Men likely to see women as sexual objects after drinking

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Scientists have confirmed something many women have long known.

Men are more likely to see women as sexual objects if they’ve been drinking alcohol.

Scientists showed men images of women ready for a night out, and found that after drinking alcohol they were more likely to look at their chests and waists rather than faces.

The researchers hope their findings will help to challenge beliefs held by some men that it is acceptable to direct objectifying gazes toward women.

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Men are more likely to see women as sexual objects if they’ve been drinking alcohol, according to a new study (stock image)

THE STUDY 

The study involved 49 men – 29 of which received two alcoholic drinks, and the rest who received placebo drinks.

The participants, who wore eye-tracking technology, were all shown photos of young women dressed to go out, and were asked to rate their appearances and personality. 

The women’s photos were also rated by an independent panel on how much warmth, good-naturedness, friendliness, competence, intelligence, confidence and attractiveness they exuded.

Results showed that when the men assessed a woman based on her appearance, it triggered objectifying gazes from them – especially if they had been drinking alcohol.

The men spent less time looking at faces, and focused far longer on their chests and waists.

This was particularly true when viewing women who had been rated as highly attractive.

In contrast, men were less likely to objectify women who had been rated as warm and confident.

Scientists from the University of Nebraska-Lincoln looked at the circumstances and factors that influence men to objectify women.

The study involved 49 men in their twenties – 29 of which received two alcoholic drinks, and the rest who received placebo drinks.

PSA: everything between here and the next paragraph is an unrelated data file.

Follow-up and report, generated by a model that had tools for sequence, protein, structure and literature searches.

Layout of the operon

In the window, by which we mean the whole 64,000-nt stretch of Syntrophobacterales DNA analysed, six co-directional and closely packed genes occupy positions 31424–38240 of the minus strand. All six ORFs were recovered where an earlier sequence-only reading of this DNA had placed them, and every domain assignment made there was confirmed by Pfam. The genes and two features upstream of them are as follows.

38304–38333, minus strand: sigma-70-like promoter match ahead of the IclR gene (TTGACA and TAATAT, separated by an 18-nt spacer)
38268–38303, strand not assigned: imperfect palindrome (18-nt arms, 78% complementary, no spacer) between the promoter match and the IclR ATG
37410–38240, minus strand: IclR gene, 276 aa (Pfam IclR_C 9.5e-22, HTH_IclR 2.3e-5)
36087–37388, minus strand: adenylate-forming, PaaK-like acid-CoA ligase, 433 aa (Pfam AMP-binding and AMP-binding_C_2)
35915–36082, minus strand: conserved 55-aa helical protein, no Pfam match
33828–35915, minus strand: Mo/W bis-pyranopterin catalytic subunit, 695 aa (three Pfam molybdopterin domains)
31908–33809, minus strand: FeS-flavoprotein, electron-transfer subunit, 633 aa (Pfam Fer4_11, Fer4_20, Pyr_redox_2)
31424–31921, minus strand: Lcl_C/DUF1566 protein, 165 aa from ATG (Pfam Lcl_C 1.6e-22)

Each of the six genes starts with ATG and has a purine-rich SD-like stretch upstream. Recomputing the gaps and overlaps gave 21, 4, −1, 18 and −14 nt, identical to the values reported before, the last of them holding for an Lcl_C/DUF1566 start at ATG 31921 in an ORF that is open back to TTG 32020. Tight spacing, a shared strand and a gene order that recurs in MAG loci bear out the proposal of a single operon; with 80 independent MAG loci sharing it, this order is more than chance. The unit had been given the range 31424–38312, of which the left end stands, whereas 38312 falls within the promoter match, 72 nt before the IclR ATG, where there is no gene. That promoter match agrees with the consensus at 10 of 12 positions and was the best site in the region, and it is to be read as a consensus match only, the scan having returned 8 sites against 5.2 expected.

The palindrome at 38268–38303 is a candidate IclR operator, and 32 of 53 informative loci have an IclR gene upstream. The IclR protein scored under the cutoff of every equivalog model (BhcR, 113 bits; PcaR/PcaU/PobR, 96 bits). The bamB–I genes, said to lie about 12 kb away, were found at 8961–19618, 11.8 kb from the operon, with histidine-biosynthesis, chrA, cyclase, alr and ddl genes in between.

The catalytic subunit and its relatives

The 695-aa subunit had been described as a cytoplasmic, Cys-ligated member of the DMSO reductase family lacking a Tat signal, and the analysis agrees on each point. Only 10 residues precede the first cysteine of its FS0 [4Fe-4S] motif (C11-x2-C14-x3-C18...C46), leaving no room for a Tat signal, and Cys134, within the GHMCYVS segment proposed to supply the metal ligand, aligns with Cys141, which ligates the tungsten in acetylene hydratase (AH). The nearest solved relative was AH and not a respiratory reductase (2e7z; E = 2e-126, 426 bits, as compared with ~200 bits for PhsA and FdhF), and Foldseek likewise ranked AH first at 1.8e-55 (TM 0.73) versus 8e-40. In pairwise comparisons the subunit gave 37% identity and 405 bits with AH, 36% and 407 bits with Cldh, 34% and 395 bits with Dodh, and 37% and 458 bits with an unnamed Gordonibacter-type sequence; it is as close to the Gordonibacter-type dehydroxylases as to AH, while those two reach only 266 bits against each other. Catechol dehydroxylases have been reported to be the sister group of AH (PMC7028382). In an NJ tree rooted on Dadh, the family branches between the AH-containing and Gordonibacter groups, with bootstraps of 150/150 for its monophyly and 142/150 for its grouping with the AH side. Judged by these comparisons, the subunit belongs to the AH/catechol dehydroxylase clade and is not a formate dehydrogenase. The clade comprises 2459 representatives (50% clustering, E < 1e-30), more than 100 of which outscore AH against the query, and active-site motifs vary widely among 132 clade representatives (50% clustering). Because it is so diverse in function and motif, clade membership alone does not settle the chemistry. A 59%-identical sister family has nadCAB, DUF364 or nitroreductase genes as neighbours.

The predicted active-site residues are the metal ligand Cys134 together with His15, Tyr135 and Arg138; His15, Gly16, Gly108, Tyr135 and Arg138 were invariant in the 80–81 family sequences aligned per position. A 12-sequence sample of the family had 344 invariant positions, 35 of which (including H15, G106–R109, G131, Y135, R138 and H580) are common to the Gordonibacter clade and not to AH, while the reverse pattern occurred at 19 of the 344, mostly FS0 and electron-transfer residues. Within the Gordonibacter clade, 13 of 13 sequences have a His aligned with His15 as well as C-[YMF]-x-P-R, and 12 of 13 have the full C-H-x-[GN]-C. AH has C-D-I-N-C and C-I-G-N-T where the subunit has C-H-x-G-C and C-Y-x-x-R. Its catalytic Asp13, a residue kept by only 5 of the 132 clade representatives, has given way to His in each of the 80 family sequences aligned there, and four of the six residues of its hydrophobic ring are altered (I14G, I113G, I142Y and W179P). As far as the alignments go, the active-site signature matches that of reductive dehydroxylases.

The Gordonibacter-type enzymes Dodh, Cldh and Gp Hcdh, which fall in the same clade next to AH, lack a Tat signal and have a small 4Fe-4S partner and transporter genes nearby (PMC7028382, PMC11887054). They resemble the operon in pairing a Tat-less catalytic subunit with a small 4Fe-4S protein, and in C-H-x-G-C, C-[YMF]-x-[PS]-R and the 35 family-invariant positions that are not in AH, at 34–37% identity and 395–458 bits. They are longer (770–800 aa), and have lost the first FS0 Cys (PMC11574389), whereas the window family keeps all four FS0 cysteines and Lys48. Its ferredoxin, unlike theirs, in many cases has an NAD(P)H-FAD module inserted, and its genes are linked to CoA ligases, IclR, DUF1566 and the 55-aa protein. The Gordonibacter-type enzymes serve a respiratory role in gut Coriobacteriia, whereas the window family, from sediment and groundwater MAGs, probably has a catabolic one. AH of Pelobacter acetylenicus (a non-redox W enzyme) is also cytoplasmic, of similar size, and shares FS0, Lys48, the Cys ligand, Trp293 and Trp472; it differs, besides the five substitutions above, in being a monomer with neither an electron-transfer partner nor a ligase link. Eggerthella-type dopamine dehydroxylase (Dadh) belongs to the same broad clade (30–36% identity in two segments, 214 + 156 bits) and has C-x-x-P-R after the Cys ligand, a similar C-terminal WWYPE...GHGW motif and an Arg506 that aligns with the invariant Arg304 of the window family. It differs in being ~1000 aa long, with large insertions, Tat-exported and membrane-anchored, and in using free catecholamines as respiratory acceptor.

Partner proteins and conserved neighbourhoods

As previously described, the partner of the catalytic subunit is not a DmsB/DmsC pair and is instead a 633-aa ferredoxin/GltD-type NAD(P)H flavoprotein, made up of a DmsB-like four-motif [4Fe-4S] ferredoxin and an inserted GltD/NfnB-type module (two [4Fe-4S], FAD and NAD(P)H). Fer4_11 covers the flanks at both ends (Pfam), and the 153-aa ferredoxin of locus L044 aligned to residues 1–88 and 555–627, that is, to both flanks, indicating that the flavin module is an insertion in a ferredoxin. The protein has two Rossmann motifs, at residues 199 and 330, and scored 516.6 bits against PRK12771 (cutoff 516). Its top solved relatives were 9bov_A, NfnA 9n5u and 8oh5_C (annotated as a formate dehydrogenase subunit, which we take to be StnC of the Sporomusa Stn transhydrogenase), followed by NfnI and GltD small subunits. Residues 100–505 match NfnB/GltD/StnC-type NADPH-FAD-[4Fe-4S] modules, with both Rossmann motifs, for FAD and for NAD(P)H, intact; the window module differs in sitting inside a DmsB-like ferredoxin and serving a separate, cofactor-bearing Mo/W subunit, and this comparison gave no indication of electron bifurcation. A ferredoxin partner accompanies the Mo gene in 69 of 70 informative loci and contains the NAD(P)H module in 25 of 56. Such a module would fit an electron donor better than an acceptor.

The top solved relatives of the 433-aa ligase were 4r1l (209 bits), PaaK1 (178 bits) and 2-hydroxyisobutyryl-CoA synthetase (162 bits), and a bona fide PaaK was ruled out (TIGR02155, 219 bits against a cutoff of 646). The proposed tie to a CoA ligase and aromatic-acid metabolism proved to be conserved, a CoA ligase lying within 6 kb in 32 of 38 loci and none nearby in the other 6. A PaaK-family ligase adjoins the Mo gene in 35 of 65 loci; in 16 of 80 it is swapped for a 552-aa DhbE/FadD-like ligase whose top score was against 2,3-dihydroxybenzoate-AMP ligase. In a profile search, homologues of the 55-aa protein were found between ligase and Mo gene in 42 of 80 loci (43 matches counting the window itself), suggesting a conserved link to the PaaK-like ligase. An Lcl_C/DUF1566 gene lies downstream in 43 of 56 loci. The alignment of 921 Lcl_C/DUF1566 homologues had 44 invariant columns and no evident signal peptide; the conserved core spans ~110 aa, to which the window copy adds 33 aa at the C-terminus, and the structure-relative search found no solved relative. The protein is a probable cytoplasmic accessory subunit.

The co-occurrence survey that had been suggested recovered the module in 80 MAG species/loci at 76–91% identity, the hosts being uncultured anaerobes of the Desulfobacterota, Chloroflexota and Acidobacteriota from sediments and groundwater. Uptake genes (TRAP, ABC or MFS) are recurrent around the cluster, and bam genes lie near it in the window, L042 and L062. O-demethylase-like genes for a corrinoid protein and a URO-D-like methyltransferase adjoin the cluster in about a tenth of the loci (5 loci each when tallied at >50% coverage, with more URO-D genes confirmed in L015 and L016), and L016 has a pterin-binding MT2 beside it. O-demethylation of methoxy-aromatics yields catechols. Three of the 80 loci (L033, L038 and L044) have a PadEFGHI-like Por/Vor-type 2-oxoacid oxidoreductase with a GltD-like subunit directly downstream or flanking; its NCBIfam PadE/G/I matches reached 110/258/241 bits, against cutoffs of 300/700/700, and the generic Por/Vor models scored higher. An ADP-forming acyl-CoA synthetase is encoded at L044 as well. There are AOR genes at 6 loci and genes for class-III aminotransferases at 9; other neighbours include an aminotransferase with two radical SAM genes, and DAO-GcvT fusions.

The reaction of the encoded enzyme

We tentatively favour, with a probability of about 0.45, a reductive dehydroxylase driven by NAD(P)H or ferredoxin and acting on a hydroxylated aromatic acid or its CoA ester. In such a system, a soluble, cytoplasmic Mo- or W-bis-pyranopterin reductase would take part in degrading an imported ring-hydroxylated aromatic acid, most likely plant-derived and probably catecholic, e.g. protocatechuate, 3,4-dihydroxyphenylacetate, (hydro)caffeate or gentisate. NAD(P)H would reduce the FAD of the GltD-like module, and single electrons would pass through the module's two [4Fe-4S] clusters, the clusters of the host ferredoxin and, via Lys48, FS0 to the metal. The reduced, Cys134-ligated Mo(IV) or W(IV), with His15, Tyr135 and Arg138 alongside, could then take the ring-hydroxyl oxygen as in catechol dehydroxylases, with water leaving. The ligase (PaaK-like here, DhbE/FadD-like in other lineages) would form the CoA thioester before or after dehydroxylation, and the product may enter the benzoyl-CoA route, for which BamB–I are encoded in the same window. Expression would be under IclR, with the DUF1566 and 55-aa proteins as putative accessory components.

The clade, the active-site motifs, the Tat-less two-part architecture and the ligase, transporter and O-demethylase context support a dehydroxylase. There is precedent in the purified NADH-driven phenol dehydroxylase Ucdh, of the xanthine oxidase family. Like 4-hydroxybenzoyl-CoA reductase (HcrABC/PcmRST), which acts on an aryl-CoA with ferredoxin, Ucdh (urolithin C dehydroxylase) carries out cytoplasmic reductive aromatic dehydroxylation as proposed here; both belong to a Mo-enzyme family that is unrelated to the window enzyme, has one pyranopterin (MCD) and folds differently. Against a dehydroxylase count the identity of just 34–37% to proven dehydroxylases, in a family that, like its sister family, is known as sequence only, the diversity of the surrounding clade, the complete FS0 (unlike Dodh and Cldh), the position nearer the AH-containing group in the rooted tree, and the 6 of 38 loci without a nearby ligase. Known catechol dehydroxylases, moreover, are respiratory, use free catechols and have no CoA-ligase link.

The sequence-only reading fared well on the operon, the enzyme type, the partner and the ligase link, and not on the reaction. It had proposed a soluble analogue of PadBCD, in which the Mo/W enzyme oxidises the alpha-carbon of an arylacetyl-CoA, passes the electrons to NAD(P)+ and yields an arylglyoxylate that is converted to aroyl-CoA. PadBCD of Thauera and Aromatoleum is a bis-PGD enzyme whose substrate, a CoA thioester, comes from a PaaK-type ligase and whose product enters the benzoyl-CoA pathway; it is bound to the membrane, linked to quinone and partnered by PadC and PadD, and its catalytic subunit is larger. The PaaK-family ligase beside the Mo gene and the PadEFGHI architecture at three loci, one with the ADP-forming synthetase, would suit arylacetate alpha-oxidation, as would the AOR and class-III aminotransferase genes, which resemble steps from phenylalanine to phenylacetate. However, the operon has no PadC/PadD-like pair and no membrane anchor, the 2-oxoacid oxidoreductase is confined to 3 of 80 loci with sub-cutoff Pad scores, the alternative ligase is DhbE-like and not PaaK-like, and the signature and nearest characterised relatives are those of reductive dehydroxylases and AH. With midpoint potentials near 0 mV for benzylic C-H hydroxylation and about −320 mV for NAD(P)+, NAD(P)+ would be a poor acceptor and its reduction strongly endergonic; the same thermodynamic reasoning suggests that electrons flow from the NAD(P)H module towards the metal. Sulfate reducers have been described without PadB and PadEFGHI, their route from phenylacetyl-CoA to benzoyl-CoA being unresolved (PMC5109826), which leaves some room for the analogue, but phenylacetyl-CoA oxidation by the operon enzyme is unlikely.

The participants were all shown photos of 80 young women dressed to go out, and were asked to rate their appearances and personality.

Eye tracking technology was used to assess where on the women’s bodies the men were looking.

The women’s photos had previously been rated by an independent panel on how much warmth, good-naturedness, friendliness, competence, intelligence, confidence and attractiveness they exuded.

Results showed that when the men assessed a woman based on her appearance, this triggered objectifying gazes from them – especially if they had been drinking alcohol.

The men spent less time looking at faces, and focused far longer on their chests and waists.

This was particularly true when viewing women who had been rated as highly attractive.

In contrast, men were less likely to objectify women who had been rated as warm and confident.

The findings suggest that whether a man will sexually objectify a woman depends on how much alcohol they have had, as well as how attractive, warm and competent she is.

The findings suggest that whether a man will sexually objectify a woman depends on how much alcohol they have had, as well as how attractive, warm and competent she is (stock image)

The findings suggest that whether a man will sexually objectify a woman depends on how much alcohol they have had, as well as how attractive, warm and competent she is (stock image)

The findings suggest that whether a man will sexually objectify a woman depends on how much alcohol they have had, as well as how attractive, warm and competent she is (stock image)

COULD MINDFULNESS BE THE KEY? 

The researchers hope their findings will help to challenge beliefs held by some men that it is acceptable to direct objectifying gazes toward women.

Dr Riemer added: ‘Understanding why the objectifying gaze occurs in the first place is an initial step toward stopping its incidence and its damaging effects.’

The researchers suggest that mindfulness could be an effective intervention to change how men see women.

Dr Riemer added: ‘This may inform primary prevention programs to reduce the continuum of sexual violence that women disproportionately experience.’

Dr Abigail Riemer, who led the study, said: ‘The sum of these results supports the notion that being perceived as high in humanizing attributes, such as warmth and competence, or being average in attractiveness provides a buffer that protects women from sexual objectification.

‘Environments in which alcohol is present are ripe with opportunities for objectifying gazes.

‘Adopting objectifying gazes toward women leads perceivers to dehumanize women, potentially laying the foundation for many negative consequences such as sexual violence and workplace gender discrimination.’

The researchers hope their findings will help to challenge beliefs held by some men that it is acceptable to direct objectifying gazes toward women.

Dr Riemer added: ‘Understanding why the objectifying gaze occurs in the first place is an initial step toward stopping its incidence and its damaging effects.’

The researchers suggest that mindfulness could be an effective intervention to change how men see women.

Dr Riemer added: ‘This may inform primary prevention programs to reduce the continuum of sexual violence that women disproportionately experience.’

 





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